logo-eui RSCAS
FSR

Energy Policy


Energy Policy

News

25.09.2018

Unfiltered remarks from Florence (J.M. Glachant before the Madrid Forum)

Unfiltered remarks from Florence before the Madrid Forum by Jean-Michel Glachant, Director, Florence School of Regulation (European University Institute, Florence, Italy) The current rush towards […] read more

Energy Policy

WFER

News

19.03.2018

FSR in Mexico! The World Forum on Energy Regulation

This week, the FSR and its partners will be in Cancun to take part in the ‘The World Forum on Energy Regulation (WFER)’. The FSR delegation […] read more

Energy PolicyEnergy Union Law

FSR meets with Embassy of Italy in Brazil

As part of the FSR Global Programme, the Florence School of Regulation was in Brasilia from March 7 to 10 to further the cooperation with the Brazilian […] read more

Energy PolicyEnergy Union Law

News

16.03.2018

The FSR Collaborates with the Regulators of Brazil

The Florence School of Regulation delegation composed of Director Jean-Michel Glachant, Swetha RaviKumar Bhagwat, Head of Global Relations and Anne-Marie Kehoe, Energy Union Law Coordinator, […] read more

Energy Policy

brussels

News

30.01.2018

FSR Energy @ European Parliament | Debating CRM Reform and Low – Carbon Transition

On Tuesday 30th January, the Florence School of Regulation holds an exclusive launch event at the European Parliament, debating the proposed reform of Capacity Remuneration […] read more

Energy Policy

Ensuring competitiveness and integrity of wholesale energy markets: the regulators’ view | Podcast with Clara Poletti

Competitiveness of wholesale energy markets is a fundamental goal of the EU since more than 20 years. Recently, specific pieces of legislation like REMIT have […] read more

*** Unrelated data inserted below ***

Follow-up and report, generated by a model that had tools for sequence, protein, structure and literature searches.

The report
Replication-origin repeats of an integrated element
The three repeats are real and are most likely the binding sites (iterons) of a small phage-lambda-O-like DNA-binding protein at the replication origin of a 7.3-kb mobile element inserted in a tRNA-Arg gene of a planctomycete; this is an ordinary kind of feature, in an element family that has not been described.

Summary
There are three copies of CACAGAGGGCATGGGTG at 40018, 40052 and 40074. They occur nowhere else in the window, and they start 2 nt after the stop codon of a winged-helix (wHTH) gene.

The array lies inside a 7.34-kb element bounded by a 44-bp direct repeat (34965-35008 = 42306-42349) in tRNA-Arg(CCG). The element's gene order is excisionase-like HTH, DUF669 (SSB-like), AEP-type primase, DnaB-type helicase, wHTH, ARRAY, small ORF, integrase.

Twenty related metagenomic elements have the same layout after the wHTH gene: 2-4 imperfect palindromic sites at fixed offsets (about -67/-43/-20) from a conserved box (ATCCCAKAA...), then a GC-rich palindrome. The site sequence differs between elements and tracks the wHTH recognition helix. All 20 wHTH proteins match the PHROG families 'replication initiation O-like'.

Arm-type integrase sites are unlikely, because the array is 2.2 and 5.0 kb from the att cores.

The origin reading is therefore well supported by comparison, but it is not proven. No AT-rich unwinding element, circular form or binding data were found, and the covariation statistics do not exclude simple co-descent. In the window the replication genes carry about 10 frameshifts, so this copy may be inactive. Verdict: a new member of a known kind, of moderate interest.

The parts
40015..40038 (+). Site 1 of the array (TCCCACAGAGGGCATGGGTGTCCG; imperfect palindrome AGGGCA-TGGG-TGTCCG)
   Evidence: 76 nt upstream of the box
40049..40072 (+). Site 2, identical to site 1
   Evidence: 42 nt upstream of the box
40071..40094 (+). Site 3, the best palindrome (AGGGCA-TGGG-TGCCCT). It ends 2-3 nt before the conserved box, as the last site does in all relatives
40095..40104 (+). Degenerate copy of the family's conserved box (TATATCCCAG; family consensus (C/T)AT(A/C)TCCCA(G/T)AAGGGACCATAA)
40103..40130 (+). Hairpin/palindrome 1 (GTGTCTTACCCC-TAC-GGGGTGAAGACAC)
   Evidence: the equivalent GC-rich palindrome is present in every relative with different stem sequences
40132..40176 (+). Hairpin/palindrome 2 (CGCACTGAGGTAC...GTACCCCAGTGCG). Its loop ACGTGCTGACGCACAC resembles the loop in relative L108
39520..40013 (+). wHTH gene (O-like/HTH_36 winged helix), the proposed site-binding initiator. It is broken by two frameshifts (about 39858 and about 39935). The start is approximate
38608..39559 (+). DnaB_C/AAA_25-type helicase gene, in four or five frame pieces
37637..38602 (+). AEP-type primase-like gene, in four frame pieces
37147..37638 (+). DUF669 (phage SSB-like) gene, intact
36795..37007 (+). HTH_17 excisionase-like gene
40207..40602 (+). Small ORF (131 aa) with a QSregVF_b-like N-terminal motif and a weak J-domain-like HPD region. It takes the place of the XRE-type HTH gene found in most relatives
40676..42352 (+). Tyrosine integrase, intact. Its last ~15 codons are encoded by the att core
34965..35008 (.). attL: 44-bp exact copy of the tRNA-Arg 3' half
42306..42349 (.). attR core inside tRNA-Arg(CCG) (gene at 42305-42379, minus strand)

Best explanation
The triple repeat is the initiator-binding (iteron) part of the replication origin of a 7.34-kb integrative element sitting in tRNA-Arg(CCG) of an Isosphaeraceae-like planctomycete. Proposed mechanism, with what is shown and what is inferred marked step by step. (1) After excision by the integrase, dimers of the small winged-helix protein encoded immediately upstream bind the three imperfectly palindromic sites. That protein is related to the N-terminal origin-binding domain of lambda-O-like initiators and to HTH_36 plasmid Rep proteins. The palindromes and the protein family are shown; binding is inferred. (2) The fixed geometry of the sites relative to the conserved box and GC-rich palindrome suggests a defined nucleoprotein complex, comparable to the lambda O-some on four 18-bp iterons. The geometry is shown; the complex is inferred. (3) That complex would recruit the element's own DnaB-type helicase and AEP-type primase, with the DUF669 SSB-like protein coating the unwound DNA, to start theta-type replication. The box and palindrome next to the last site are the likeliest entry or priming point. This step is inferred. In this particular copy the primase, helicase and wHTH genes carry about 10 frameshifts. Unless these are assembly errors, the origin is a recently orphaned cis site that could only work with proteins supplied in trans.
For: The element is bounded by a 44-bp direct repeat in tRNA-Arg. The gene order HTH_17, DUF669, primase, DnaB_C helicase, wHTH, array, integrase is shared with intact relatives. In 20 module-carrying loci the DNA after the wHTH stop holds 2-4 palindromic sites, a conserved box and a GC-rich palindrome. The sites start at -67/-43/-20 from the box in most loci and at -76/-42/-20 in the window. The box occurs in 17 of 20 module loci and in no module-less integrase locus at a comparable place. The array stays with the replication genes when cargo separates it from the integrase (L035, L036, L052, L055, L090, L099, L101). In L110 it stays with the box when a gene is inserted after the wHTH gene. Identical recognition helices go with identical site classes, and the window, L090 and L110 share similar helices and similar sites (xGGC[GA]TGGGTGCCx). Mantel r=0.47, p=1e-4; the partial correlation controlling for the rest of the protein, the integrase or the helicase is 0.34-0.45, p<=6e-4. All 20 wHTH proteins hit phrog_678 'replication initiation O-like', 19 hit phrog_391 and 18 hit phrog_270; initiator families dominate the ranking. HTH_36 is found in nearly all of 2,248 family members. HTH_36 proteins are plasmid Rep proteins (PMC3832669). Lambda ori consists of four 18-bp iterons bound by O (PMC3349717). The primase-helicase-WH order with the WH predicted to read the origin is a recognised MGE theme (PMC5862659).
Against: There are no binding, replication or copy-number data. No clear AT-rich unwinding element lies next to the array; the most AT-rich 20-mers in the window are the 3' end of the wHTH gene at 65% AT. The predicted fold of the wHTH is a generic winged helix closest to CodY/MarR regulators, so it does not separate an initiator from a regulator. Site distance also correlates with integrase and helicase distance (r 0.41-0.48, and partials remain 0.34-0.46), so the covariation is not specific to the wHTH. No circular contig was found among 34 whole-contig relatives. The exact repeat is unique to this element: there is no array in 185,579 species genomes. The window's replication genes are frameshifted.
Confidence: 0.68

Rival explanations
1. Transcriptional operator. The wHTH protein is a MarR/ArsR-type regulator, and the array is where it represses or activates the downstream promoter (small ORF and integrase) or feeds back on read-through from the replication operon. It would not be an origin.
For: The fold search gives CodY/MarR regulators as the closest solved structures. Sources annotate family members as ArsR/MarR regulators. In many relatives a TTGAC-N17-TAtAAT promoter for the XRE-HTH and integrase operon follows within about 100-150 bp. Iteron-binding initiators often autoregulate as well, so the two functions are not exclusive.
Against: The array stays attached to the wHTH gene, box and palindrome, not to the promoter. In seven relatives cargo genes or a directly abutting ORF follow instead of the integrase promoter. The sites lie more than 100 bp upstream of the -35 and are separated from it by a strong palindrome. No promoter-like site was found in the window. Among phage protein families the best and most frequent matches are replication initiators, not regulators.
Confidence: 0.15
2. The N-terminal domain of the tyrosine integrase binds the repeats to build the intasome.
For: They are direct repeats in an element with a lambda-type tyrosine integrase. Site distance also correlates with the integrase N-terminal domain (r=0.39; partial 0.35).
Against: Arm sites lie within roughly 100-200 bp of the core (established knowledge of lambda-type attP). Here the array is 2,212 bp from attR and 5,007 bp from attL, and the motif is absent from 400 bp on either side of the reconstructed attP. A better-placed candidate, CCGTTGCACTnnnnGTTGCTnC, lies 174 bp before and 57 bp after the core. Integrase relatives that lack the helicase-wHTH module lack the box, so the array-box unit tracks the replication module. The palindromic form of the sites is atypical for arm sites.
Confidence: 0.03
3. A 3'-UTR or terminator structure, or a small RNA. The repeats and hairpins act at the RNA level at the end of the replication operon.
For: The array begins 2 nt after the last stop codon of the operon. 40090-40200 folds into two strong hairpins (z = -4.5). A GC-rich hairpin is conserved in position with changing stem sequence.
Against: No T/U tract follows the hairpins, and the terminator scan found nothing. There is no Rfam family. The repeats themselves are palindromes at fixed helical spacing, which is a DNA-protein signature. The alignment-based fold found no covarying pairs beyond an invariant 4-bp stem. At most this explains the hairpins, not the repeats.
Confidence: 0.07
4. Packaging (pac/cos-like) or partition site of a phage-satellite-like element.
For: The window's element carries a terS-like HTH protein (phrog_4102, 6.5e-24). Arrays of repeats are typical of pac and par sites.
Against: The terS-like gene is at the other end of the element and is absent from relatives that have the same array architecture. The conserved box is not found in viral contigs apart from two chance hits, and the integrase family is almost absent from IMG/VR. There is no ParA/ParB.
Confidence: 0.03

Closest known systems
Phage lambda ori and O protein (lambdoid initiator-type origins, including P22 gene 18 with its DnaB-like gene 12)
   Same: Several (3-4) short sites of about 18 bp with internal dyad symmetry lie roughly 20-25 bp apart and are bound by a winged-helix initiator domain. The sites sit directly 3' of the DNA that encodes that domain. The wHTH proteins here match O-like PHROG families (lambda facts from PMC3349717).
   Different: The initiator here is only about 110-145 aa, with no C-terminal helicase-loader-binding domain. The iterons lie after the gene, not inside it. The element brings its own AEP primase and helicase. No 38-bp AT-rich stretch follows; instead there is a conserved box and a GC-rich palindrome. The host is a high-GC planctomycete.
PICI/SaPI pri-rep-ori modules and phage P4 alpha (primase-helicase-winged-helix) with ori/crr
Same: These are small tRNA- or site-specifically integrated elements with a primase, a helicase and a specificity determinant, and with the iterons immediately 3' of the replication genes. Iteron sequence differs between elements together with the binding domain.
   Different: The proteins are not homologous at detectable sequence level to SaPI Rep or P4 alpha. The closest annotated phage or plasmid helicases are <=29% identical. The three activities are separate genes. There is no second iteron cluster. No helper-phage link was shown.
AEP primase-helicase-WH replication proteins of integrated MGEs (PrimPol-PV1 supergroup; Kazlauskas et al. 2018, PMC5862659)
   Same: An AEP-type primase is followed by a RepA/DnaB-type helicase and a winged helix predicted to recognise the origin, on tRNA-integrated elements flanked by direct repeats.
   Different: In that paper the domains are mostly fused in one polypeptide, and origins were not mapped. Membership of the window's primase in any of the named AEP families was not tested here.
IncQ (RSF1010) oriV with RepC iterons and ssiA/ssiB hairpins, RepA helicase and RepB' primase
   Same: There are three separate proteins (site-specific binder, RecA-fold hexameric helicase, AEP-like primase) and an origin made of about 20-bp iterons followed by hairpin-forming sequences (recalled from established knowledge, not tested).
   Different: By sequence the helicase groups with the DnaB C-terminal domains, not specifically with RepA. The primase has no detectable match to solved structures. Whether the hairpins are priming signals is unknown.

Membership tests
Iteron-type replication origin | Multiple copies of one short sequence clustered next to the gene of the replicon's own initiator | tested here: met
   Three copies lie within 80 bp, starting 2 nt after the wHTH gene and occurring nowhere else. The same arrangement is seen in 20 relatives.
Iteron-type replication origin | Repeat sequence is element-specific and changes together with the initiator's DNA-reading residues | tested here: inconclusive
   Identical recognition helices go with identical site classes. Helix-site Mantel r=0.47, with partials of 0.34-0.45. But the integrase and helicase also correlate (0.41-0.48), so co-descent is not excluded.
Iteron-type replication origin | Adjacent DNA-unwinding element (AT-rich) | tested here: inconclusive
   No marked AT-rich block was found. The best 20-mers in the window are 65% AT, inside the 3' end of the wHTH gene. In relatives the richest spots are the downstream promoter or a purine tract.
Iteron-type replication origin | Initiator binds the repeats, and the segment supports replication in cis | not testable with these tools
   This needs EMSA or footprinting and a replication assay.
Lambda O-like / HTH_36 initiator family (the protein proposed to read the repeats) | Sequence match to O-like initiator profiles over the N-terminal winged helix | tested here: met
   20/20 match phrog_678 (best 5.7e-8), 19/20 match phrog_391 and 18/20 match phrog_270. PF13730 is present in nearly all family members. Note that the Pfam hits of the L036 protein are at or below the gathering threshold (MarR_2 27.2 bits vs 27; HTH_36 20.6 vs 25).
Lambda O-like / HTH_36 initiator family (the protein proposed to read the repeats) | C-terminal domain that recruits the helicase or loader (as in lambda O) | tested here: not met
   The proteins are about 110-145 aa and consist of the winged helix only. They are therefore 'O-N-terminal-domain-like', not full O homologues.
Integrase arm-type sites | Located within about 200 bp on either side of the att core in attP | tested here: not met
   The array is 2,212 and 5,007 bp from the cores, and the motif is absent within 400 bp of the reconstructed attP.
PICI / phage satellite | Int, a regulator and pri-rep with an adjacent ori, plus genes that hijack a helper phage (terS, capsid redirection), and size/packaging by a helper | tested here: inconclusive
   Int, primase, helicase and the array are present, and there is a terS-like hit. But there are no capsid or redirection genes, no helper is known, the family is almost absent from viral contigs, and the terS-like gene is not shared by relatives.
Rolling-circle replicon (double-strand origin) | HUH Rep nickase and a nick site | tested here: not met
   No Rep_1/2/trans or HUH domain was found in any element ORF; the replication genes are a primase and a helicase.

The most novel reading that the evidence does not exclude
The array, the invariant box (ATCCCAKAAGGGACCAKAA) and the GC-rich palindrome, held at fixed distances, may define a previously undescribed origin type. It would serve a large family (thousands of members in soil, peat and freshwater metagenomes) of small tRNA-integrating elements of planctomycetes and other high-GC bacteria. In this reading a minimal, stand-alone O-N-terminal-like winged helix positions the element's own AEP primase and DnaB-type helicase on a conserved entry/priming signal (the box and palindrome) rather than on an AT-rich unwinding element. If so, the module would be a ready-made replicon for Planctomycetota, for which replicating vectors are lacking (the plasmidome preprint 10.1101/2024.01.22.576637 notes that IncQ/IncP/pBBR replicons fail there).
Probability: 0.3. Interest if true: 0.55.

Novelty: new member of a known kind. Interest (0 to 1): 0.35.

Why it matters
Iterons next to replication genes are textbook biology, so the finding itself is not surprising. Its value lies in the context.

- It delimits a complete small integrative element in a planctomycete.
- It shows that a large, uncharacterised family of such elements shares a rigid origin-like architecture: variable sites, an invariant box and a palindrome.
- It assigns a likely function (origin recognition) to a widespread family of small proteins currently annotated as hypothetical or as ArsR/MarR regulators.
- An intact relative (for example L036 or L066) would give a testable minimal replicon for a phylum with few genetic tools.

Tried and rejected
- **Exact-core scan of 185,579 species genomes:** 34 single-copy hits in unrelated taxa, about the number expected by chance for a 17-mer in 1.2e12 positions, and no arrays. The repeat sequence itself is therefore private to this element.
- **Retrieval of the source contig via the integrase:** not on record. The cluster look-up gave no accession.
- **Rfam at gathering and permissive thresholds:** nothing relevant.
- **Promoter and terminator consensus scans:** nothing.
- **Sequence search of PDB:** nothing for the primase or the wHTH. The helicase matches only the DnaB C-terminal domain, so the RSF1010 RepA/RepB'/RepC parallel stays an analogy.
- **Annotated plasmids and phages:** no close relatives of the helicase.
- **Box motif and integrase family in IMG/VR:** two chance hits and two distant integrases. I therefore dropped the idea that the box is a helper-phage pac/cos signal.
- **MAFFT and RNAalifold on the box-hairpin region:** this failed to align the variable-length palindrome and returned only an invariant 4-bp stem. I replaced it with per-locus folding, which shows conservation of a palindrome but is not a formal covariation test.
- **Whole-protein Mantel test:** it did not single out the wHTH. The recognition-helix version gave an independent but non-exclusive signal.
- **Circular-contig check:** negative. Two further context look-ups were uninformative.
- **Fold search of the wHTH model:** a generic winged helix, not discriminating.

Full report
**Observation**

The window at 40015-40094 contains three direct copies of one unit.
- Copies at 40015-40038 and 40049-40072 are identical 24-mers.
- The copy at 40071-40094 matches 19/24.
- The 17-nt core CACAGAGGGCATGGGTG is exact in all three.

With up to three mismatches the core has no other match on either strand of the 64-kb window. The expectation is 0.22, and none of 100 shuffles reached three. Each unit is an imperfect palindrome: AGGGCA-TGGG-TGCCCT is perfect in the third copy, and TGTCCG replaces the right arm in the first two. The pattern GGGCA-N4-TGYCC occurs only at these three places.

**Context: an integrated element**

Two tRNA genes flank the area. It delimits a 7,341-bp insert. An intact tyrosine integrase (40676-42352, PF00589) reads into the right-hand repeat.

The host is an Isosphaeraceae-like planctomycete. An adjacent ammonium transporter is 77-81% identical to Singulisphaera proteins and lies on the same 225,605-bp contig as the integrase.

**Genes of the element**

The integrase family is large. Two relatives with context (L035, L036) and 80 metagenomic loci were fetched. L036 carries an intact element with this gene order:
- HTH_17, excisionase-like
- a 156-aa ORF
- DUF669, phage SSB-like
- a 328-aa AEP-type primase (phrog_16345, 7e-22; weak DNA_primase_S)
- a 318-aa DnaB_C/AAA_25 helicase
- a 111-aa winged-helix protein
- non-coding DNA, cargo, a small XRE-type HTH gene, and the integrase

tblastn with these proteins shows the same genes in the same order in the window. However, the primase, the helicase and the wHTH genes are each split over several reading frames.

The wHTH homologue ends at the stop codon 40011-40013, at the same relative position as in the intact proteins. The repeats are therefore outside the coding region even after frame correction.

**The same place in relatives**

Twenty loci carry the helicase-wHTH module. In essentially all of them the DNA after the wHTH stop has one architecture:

Energy Policy

Mind the gap: the proposed governance of the Energy Union

Written by Marie Vandendriessche This Topic of the Month will zoom in on the EU’s Energy Union, and particularly a novel part of it: the […] read more

Energy Policy

The Road to the Energy Union

Written by Marie Vandendriessche This Topic of the Month will zoom in on the EU’s Energy Union, and particularly a novel part of it: the […] read more

Energy Policy

News

23.11.2017

2nd Scholarship Award in Memoriam of Ana Aguado

Bernard Energy (BEA); the European Distribution System Operators’ Association for Smart Grids (EDSO for Smart Grids); the European Network of Transmission System Operators for Electricity […] read more

Page 1 of 512345

Unfiltered remarks from Florence (J.M. Glachant before the Madrid Forum)

- Energy Policy

Unfiltered remarks from Florence before the Madrid Forum

by Jean-Michel Glachant, Director, Florence School of Regulation

(European University Institute, Florence, Italy)

Jean Michel Glachant

The current rush towards a greener future directly corresponds to the European willingness to achieve a fully decarbonized market by 2050. Most Member States have already made great efforts to hit the targets, showing specific interest and support for renewables development.